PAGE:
Down in polls, Texas’ Davis recalls own comebacks


PAUL J. WEBER, Associated Press

HOUSTON (AP) — Reminding worshippers of overcoming long odds in her personal life, Texas gubernatorial candidate Wendy Davis on Sunday urged reliable Democratic voters at black churches to turnout in the face of predictions that she needs a miracle to win.


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“I know that God gave me that blessing of struggles so that one day I could be a voice for people across this state,” Davis told congregants at Galilee Missionary Baptist Church. “We have so much to do.”


An underdog biography that made Davis her party’s most compelling Texas candidate in decades has become a rallying cry as pundits — and even some Democrats privately — write off her chances with little more than a week before Election Day. Two public polls last week found her trailing Republican Attorney General Greg Abbott by double digits.


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Abbott didn’t campaign Sunday. While Davis popped into a half-dozen Sunday morning church services across Houston flanked by other Texas Democrats, Abbott is whipping up conservatives in a final-stretch tour with actor Chuck Norris, who’s previously done the same for Republican Gov. Rick Perry.


From the downtown church of megastar Beyonce to boisterous Baptist sermons on the city fringes, Davis got cheers when noting that Perry’s record 14 years as governor would end in January. She vowed to end years of GOP defiance and bring Medicaid expansion to Texas, fight to raise the minimum wage and prioritize schools.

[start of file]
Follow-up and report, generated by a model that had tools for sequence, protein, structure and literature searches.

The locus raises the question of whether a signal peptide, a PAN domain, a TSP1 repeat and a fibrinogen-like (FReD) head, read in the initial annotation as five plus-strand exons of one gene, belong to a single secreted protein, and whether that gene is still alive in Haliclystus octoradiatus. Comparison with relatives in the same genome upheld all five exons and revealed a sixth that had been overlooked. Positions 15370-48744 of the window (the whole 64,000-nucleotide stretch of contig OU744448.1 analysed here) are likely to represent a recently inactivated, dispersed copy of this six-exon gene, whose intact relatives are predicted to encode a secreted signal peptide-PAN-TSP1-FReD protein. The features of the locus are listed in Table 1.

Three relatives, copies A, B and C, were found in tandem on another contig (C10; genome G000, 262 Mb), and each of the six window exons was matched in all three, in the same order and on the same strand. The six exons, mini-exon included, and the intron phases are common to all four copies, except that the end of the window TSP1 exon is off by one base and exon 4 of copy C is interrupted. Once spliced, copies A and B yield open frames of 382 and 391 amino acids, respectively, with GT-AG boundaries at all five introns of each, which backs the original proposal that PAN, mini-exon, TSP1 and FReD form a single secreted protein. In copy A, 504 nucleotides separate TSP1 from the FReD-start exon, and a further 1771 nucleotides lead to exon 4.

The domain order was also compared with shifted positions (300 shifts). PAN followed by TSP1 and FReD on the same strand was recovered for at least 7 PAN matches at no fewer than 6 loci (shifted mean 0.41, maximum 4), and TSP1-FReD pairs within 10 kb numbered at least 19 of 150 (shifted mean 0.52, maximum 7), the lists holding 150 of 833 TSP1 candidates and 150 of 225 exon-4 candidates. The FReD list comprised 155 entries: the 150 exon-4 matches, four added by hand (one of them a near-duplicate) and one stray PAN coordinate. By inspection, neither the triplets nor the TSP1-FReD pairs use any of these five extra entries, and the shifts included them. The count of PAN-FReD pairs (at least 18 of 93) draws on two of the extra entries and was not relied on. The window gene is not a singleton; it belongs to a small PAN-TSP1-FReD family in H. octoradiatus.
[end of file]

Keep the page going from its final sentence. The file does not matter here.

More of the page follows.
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Her shorthand version of being raised by a mom with a ninth-grade education before herself becoming a poor single mother returning groceries in the checkout line resonated in the pews. Abortion rights — the issue that vaulted Davis to national political stardom last year — wasn’t mentioned until one pastor brought it up.


“You know that I don’t believe in abortion,” said Rev. Carl Davis of New Life Tabernacle Church. “But you know that doesn’t mean I won’t support her in other ways.”


Abbott has suggested that Davis hasn’t given him a closer race, in part, because her attacks have turned off voters. On Sunday, she never said his name.


“I’ve been focused on addressing the everyday challenges of Texas while my opponent’s been focused on addressing me,” Abbott said in an interview last week.


Davis’ chances of pulling an upset Nov. 4 rest in getting an unusually large turnout in a non-presidential election year. Yet the first week of early voting in Harris County — the largest county in Texas and a Democratic stronghold — didn’t bring her campaign good news: in-person turnout is down 23 percent from the last Texas governor’s race in 2010.


Statewide, the total percentage of registered voters who’ve cast early ballots so far in the 15 largest counties is down about 2 percent from four years ago.


Republicans have won every statewide election in Texas since 1994, and Davis said she’s not ready to consider whether her run made a dent for Democrats win or lose.


“If by chance I do not win, I’ll entertain questions like that,” Davis said. “I’m very proud of the campaign that we’ve built. I’m very proud that we’ve pushed forward a message that people are responding to.”